FAITH: Ever heard the one about the circumcision war trick?
Type “laughing Jesus” into Google Images and you’ll find a whole array of artists’ conceptions of what Jesus might have looked like enjoying a good joke or a humorous situation.
The ability to laugh is the one distinction of being human and the man Jesus would certainly have been no exception to the rule.
Unfortunately, there are absolutely no examples in the New Testament of Jesus in a lighter moment. But, that doesn’t mean there is no humour at all in the Bible.
In all my years of attending church, I don’t recall ever hearing a sermon about Biblical humour, probably because the majority of humour is black humour.
Black humour is not appreciated by everyone because it has a dark side and fairly unpleasant consequences for the victims of the situation. It’s what my wife would call “guy humour” — the kind she rolls her eyes at when I’m giggling away.
Take the poor Philistines, for example. In Samuel 1:5, they have just defeated the Israelites in battle and captured the Ark of the Covenant (you know, the same one the Nazis purloined in Raiders of the Lost Ark).
They came to rue the day they took it, though, because the Lord “smote them with hemorrhoids” (some translations of the Bible use the more delicate word “tumours”).
The men of the city of Ashdod quickly figured out the problem, and decided to send their war trophy to the neighbouring city of Gath.
Well, soon all the men of Gath were screaming for Preparation H.
The Gathites were no dummies and decided to ship the Ark off to Ekron. Verse 12 says, “And the men of the city who did not die were smitten with hemorrhoids and the cry of the city went up to heaven.”
So, they decided to consult the priests of their god Dagon to figure out how to solve their dilemma.
Their advice? Make five golden hemorrhoids as a gift and return the wretched thing to Israel.
I would have liked to have seen the expression on the face of the goldsmith — “You want me to make five what?”
I’m sorry, but that is funny.
Another episode of black humour takes place in Genesis 34, in the story of Dinah.
Dinah was a comely lass, the daughter of Jacob, who caught the eye of Shechem, a young Hivite man.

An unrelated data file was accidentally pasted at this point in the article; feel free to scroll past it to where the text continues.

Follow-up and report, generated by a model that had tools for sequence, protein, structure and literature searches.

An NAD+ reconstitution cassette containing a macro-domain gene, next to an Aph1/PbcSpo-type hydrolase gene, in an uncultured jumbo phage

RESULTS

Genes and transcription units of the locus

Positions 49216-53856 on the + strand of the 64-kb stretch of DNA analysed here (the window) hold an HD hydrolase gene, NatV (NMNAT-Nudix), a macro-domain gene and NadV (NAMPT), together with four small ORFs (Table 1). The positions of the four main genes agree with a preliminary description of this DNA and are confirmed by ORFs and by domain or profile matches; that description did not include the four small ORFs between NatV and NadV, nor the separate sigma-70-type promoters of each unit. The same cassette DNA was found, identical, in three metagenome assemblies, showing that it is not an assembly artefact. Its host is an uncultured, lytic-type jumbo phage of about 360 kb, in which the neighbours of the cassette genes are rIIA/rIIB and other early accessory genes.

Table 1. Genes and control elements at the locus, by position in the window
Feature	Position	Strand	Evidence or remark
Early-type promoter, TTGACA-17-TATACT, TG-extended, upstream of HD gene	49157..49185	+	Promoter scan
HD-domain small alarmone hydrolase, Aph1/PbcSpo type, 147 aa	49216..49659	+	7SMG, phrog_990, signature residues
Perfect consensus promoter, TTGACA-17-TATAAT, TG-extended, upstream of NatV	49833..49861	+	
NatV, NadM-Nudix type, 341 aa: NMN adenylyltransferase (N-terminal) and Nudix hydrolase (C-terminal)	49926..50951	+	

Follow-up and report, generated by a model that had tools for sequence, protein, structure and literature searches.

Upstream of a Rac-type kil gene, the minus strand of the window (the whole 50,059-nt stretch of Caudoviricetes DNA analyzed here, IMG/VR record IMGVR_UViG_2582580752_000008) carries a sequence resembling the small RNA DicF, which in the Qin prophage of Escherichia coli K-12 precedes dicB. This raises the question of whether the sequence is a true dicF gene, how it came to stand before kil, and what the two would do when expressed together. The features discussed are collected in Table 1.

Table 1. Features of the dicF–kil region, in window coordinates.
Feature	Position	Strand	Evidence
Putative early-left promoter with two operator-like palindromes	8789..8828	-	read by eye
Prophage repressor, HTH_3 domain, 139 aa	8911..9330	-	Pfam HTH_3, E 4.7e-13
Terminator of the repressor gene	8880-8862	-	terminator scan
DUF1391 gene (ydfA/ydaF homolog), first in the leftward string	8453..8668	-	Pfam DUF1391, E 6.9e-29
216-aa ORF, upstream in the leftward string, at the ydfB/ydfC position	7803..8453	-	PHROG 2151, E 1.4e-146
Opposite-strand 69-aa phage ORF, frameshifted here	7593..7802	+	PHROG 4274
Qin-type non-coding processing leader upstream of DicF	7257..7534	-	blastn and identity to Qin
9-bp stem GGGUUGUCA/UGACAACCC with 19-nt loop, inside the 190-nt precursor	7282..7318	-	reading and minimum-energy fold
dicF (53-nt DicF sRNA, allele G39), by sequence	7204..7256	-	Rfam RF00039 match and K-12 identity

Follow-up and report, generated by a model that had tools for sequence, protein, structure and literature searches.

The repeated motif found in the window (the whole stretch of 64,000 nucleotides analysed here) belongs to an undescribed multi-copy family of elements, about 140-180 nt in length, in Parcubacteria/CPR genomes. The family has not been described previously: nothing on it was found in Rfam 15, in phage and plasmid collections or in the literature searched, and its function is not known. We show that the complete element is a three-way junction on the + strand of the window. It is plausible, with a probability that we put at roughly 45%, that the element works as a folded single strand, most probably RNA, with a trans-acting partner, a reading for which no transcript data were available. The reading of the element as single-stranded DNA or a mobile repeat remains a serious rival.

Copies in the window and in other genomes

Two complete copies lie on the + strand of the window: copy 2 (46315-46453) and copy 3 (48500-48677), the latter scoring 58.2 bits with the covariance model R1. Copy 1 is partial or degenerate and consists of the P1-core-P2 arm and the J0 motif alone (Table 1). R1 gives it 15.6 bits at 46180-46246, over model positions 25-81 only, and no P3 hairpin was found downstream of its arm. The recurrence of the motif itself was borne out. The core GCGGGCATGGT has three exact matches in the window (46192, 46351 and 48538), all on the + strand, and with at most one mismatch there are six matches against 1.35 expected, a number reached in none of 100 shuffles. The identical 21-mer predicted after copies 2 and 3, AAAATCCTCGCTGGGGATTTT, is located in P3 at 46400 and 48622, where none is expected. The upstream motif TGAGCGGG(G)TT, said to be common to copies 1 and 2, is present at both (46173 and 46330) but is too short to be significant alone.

Shechem had his way with Dinah, then had the gall to ask his father Hamor to approach Jacob and Dinah’s brothers with a marriage proposal.
Dinah’s brothers decided to be sly about their revenge. They insisted that it was unthinkable to marry off Hebrew women to those who were uncircumcised.
They said, “The only condition on which we can talk business is if all your men become circumcised like us. Then we will freely exchange our daughters in marriage.”
So, Hamor and Shechem persuaded the whole Hivite clan to get circumcised, basically playing on their greed, for the Hebrews had huge herds of livestock.
Shortly after the mass circumcision, two of Dinah’s brothers, Simeon and Levi, walked into the Hivite town “while all the men were still very sore,” put them all to the sword and rescued their sister.
In the whole history of human warfare, there never was a victory strategy like that one.
But, the funniest story in the Bible is the story of Jacob, Rachel and Leah in Genesis 29.
Jacob journeys to his uncle Laban, looking for a wife.
Laban has two daughters — the younger, Rachel (“beautiful of form and face”), and the eldest, Leah, who had “weak eyes.”
Basically, Rachel was hot and Leah was as homely as a cross-eyed warthog.
So, Jacob strikes a deal with Uncle Laban to work seven years for him in exchange for Rachel’s hand in marriage.
After seven years of hard labour, Jacob comes to claim his beautiful bride.
But, on the wedding night, Uncle Laban pulls a fast one and sends in Leah under her veils into the marriage bed.
Funniest line in the whole Bible? “So it came about in the morning that, behold, it was Leah!”
Needless to say, Jacob is incensed.
Laban is unashamed of his bald-faced deception, saying, “Look, we can’t marry off the younger daughter before the older one. So, work for me for seven more years and I’ll give you both of them.”
Jacob reluctantly agrees.
But, I can’t help but chuckle at the thought of Jacob’s face on the morning after.
“Good morning, my darl — what the heck?”
The Bible is a holy book and full of great stories.
But, without a doubt, God has a sense of humour.
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